There are so many wonderful groups. In Australia Archive staff belong to the Melbourne based Women For Palestine who are doing wonderful work, and the newly formed national organisation Australians For Justice and Peace for Palestinian People (no website yet. Please contact us for further details).
Australians with a conscience might also be interested in the Australians Against Racism group, formed in response to the current refugee crisis. AAR publications (including the newly published Australia IS refugees: winning essays and stories 2002: an Australians Against Racism initiative 2002 (edited by Eva Sallis and Heather Millar) and pins are available through the Archive.
There are also important groups like Women In Black, who are worldwide now. Again, email us your address and we will then provide local support group details. And if there is no local Palestinian solidarity group in your area, perhaps it is time to think of creating one?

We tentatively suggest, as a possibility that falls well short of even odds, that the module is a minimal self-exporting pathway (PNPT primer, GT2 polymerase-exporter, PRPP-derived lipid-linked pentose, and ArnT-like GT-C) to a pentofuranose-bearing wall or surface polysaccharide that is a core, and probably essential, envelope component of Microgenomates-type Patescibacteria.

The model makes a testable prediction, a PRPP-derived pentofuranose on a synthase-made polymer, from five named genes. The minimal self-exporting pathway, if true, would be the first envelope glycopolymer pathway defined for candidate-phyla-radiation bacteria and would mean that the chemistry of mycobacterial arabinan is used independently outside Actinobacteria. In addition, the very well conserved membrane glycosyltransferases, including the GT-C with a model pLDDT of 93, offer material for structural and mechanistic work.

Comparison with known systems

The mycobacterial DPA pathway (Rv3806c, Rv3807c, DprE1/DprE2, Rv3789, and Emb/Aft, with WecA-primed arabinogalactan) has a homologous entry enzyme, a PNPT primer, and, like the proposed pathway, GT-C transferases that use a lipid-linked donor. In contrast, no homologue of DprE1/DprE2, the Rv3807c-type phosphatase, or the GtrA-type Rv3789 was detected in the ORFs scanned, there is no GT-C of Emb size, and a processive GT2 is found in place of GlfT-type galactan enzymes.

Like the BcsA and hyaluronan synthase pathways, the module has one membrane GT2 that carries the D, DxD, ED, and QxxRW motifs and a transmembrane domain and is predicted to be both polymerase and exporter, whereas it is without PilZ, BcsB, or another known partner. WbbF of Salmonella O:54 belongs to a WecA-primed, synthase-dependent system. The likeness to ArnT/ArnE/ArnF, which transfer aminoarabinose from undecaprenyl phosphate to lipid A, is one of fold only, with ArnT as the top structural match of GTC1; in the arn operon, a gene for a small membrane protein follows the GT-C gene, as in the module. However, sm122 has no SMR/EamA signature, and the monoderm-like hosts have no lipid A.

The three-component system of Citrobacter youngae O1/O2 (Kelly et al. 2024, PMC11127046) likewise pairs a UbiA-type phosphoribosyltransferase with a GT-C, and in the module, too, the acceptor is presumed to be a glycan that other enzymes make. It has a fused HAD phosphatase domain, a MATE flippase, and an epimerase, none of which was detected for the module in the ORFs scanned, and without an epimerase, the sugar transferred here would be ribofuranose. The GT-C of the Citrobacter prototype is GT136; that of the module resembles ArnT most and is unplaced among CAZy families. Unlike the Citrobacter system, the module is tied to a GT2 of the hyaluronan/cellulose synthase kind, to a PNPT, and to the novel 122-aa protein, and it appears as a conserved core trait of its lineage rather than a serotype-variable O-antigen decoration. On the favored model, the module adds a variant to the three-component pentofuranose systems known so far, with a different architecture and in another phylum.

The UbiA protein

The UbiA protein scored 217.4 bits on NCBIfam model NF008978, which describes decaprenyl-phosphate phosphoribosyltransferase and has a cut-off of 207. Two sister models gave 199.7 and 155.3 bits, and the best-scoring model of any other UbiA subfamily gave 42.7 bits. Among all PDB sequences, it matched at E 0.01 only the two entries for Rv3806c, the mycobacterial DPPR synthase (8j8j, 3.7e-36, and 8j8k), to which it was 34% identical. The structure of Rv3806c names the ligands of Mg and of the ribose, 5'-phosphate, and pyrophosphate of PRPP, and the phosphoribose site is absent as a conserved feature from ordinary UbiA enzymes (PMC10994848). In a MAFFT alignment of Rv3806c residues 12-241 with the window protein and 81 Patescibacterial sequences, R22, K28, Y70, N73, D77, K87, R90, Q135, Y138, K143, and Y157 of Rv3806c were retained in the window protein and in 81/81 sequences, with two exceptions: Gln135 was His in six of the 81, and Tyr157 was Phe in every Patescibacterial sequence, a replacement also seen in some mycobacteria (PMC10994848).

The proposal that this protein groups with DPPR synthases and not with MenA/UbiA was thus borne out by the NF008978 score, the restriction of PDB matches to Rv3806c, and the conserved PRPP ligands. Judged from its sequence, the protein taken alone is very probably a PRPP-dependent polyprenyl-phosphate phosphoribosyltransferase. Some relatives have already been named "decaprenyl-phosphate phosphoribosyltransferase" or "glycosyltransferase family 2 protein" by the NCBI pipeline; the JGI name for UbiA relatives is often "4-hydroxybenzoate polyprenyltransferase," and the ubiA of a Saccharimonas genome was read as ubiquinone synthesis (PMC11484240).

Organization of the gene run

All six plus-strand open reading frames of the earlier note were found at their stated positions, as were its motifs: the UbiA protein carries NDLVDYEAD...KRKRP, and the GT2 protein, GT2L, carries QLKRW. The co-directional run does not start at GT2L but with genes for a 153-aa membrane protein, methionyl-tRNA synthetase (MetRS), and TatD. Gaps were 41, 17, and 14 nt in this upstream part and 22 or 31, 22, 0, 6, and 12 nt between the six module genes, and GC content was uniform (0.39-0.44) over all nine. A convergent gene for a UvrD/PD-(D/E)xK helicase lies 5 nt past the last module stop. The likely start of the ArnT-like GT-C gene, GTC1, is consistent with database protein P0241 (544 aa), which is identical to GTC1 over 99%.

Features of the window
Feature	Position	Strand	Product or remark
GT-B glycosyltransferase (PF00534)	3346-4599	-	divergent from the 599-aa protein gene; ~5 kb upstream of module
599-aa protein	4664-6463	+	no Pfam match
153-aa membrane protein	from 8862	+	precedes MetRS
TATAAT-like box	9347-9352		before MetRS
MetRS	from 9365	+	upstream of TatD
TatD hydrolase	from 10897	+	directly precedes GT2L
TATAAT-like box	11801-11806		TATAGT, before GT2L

Bless you. Email Hanan at Women For Palestine for information regarding sponsoring a child. Email the Archive for a contact list of organisations who can help you put your donation where it counts the most.
Click here for further details, then contact us for our Friends joining form
Thank you so much for thinking of our collection for your costume. Please see our Donations/ How can I help? section for further details.
Thank you. We would be honoured to accept your support. Please see our Donations/How can I help? section, as this outlines how funds are likely to be utilised, and how to send donations to us.
That's all right, we don't have any money either!
There are lots of ways you can help. Have a look in our Donations/Can I help? section, which is full of ideas, including training as an Archive Education Officer, offering volunteer time to work at the Archive in Canberra, lending us your research skills or conservator skills, or language skills, to help us translate Archive publications and educational/public programs into other languages. You might also be interested in organising a fund raising function for the Archive. Whatever you decide, we would love your help!